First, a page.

Jordan is a relatively small country in Southwest Asia which occupies an area of approximately 37,138 square miles including the Dead Sea. The country is located between Levantine and the Arabian region of the Middle East, and it is bordered by four countries: Syria, Israel, Iraq, and Saudi Arabia. To the South of Jordan is the Red Sea which is also the only outlet to sea at the Gulf of Aqaba. Jordan’s international borders do not follow definitive terrain features.
Saudi Arabia–Jordan Border
Saudi Arabia shares a border with Jordan. The Hadda Agreement in 1925 first established the border between the two countries. The two countries later reached a bilateral agreement in 1965 realigning the initial delimited boundary set out in the Hadda Agreement. The agreement led to the lengthening of Jordan’s coastline by 4.97 miles which facilitated the expansion of Jordan port infrastructure. The agreement also enabled the two countries to share revenues from petroleum discovered. Saudi Arabia and Jordan are both Sunni Monarchies, with deep family ties. They have remained allies despite Jordan’s reluctance to support Saudi Arabia in the Yemen intervention and the 2017- 2018 Qatar diplomatic crisis.
The boundary between Israel and Jordan is based on an Armistice agreement established in 1949 between Transjordan and Israel. The agreed boundary represented battle positions held by Israeli and, then, Transjordan forces when the UN-mediated ceasefire came into effect. Jordan and Israel have not always been in peaceful co-existence. The two countries were in a state of war from 1948 to 1994. Although they spent 46 years at war, they maintained contacts and made clandestine mutually beneficial agreements during that period. The Madrid Conference of 1991 marked the beginning of the end of the war, giving birth to bilateral talks between the two countries. These talks manifested into the formal peace treaty signed in October 1994 at the Aqaba-Eilat border crossing, which officially marked the end of the war. The two countries have good political and domestic relations.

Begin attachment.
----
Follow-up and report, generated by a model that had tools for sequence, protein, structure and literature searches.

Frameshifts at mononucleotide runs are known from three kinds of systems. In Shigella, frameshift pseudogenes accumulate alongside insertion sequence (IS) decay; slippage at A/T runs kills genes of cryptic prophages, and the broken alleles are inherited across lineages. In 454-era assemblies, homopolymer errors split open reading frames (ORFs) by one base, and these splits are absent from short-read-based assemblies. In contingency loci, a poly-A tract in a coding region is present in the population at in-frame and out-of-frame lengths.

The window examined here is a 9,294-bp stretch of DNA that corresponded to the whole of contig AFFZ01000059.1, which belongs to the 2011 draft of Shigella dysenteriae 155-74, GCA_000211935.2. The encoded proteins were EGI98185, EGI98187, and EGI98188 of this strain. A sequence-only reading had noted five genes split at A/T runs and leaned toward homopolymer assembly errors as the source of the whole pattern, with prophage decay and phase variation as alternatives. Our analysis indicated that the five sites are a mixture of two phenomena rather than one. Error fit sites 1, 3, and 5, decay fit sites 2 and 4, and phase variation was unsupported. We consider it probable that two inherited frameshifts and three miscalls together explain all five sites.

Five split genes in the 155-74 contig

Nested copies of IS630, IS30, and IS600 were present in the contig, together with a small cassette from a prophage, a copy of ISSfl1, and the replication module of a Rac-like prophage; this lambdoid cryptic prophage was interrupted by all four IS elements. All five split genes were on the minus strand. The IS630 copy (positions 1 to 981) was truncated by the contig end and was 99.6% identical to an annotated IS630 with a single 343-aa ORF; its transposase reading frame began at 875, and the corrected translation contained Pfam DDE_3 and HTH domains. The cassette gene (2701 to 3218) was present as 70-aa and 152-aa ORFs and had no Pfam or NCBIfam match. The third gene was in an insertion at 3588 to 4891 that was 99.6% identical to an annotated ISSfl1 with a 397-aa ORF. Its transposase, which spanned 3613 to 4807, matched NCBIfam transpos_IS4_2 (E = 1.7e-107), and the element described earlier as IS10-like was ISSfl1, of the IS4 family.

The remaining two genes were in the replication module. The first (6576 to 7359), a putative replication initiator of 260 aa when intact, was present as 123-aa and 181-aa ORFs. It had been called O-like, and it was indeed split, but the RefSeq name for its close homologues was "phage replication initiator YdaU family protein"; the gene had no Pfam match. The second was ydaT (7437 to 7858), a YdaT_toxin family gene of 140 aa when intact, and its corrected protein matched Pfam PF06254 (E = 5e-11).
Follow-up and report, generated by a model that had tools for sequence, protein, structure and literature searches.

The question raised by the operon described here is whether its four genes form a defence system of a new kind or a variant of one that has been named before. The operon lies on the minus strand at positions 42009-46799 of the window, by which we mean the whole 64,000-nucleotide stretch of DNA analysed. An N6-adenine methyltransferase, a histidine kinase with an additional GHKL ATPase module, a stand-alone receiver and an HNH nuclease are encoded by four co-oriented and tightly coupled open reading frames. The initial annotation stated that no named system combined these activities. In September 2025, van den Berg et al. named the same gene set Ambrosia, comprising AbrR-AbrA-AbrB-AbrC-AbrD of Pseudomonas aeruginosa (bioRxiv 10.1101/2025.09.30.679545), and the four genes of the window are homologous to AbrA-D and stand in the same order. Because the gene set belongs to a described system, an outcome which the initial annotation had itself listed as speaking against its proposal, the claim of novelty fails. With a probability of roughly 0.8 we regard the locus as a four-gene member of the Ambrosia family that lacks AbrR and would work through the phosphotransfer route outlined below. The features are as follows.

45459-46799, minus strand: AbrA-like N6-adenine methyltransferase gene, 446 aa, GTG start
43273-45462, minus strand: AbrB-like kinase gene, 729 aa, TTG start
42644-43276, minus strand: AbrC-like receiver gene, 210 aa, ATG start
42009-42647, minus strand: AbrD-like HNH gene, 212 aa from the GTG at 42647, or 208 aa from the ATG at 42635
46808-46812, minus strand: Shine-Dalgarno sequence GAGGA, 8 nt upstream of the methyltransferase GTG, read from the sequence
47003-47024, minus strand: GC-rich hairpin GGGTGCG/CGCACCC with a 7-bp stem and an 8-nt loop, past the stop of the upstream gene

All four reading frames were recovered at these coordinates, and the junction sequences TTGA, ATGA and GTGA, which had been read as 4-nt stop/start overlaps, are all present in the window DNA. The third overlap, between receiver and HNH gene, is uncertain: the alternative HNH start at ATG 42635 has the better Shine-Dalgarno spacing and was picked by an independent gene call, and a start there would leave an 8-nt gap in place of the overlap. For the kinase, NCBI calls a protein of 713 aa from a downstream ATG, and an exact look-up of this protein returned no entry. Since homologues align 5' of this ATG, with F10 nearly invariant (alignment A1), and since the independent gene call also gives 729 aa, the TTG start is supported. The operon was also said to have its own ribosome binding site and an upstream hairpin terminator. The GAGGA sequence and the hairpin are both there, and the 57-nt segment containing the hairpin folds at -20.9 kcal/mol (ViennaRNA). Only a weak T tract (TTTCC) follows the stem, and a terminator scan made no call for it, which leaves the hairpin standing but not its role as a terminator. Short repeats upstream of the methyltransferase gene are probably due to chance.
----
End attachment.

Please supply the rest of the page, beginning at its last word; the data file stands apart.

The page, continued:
The border with Syria was established when the Emirate of Transjordan was established in 1921. The border is 233 miles long and runs along the Yarmouk River and then to the east, drawing a straight line through the Syrian Desert and ends at the Syria-Jordan-Iraq border intersection. The two countries were allies up to the late 1960s when Syria supported the Palestinians against Jordan following the rift between the PLO and Jordan. The relations improved following the Yom Kippur War of October 1973 when Jordan reinforced Syrian military effort, only to fall apart in 1977 following Jordan’s support for Egyptian peace initiative. Their relations improved after the first Gulf War with Jordan being a transport route for Syrian businesspeople. They have remained allies, but with a few hitches over the years.
Iraq and Jordan were established after WWI through a bilateral agreement between France and Great Britain. Iraq and Jordan maintained close relations due to family ties. These relations collapsed when the royal family in Iraq was overthrown and killed in the Iraqi coup of 1958. The two countries were hostile to each other until the late 1970s when they established a bilateral alliance. Jordan supported Iraq throughout the Iran-Iraq war of 1980-1988. Jordan offered the port of Aqaba and its trucking routes as Iraq’s supply line and in exchange received oil at low prices. They have remained close allies, with Jordan allowing extension of the Iraqi pipeline to the red sea for export of Iraqi crude oil
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